On Sunday 10th September 1950 Royal Eagle had originally been scheduled to make the last trip of the season from Tower Pier (8.30am) to Greenwich (9am), Southend (11.30am) and Clacton (1.45pm) with return from Clacton (3.45pm) for Southend (5.50pm), Greenwich (8.30pm) and Tower Pier (9pm) as shown in the leaflet above.
After the War in 1946 she had been returned to the route for which she was built in 1932 from London to Margate and Ramsgate. In 1949 she was joined by the newly built twin screw motor vessel Royal Sovereign but there was not by then really sufficient business to justify two large ships on the service so for 1950 she was transferred for the first time in her career onto the London to Clacton run leaving Royal Sovereign to continue to Margate and Ramsgate.
Dubbed “London’s Luxury Liner” Royal Eagle had the most comprehensive dining, catering and undercover facilities and accommodation of pretty much any excursion paddle steamer ever built but even she could seat only 310 at any one time for a sit down meal out of her total passenger capacity of 1,900. That was ever a fundamental weakness in excursion paddle steamer design. They were never built to provide anywhere near sufficient dining facilities if all their passengers wanted to sit down to lunch or dinner.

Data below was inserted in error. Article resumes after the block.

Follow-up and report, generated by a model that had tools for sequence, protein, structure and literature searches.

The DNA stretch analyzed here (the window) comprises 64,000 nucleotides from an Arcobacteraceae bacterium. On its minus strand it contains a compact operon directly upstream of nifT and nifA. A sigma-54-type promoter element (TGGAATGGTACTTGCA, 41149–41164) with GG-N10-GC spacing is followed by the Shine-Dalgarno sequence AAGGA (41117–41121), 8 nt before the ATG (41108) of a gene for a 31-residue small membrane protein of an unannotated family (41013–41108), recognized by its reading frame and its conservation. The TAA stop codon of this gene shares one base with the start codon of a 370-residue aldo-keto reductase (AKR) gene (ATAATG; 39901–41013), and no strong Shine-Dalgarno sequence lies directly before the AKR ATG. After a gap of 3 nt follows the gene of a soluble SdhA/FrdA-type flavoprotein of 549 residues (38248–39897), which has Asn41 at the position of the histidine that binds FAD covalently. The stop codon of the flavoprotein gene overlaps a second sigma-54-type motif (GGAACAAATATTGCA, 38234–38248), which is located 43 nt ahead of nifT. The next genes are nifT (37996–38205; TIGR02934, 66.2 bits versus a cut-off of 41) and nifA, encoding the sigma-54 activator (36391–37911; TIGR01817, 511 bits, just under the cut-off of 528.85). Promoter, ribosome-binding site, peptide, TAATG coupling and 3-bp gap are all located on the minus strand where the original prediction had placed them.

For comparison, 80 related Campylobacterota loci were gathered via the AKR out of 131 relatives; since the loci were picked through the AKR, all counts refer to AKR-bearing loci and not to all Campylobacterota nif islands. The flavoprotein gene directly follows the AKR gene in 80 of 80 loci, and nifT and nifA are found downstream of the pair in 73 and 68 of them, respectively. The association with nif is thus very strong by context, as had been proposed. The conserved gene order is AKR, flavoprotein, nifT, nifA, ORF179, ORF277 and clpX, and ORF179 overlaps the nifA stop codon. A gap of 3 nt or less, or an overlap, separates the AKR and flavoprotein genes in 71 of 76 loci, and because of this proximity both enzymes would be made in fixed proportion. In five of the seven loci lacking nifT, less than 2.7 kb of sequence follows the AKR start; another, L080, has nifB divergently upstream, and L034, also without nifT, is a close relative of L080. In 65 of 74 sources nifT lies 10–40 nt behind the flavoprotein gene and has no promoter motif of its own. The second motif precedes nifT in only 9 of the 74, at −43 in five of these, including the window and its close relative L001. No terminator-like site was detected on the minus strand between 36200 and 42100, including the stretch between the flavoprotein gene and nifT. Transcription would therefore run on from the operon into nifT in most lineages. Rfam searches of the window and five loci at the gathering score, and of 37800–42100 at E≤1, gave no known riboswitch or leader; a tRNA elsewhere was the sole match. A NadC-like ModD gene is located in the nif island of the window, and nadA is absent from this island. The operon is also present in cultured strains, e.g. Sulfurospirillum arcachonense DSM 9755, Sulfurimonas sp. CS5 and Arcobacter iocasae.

For 1950 the newly built Queen of the Channel was rostered to run trips to view the French Coast from Ramsgate which were a stop gap to replace the pre-war landing cruises to the French ports on account of the Government’s refusal to allow no-passport trips at this time.
These excursions did not meet expectations with passengers not that keen on spending the whole day aboard a ship with no real views to speak of and without the opportunity to go ashore in a foreign land. From 10th August Queen of the Channel was therefore transferred to take over the Clacton run from Royal Eagle which was withdrawn never to sail again.
So on Sunday 10th September 1950 rather steaming down the Thames to Clacton as originally planned on the last day of her 1950 season Royal Eagle had already been laid up for a month and was lying idle with her boiler blown down in Whitewall Creek on the River Medway.
There she continued to lie for the next couple of years until scrapped in 1953 having notched up a career of just thirteen passenger carrying seasons. That’s like from 2008 – 2020. Shocking really.
Tiny Point of Detail: Whitewall Creek remains today next to the Medway Tunnel although it is now very silted up and could no longer accommodate a paddle steamer of the size of Royal Eagle. There was also a lot of in-filling of the adjacent marshland in the 1980s to provide a more solid base for the commercial development of what became known as the Medway City Estate. This required lots of new roads to be built and one of them is called Royal Eagle Close commemorating the name of the Thames paddle steamer which spent her last couple of years laid up in the adjacent creek.
Nor is this the only road named after a paddle steamer in the vicinity. Adjacent to Strood Pier a new housing development built in the 1990s required a new road which was named Kingswear Gardens after KC which at that stage regularly called at Strood Pier.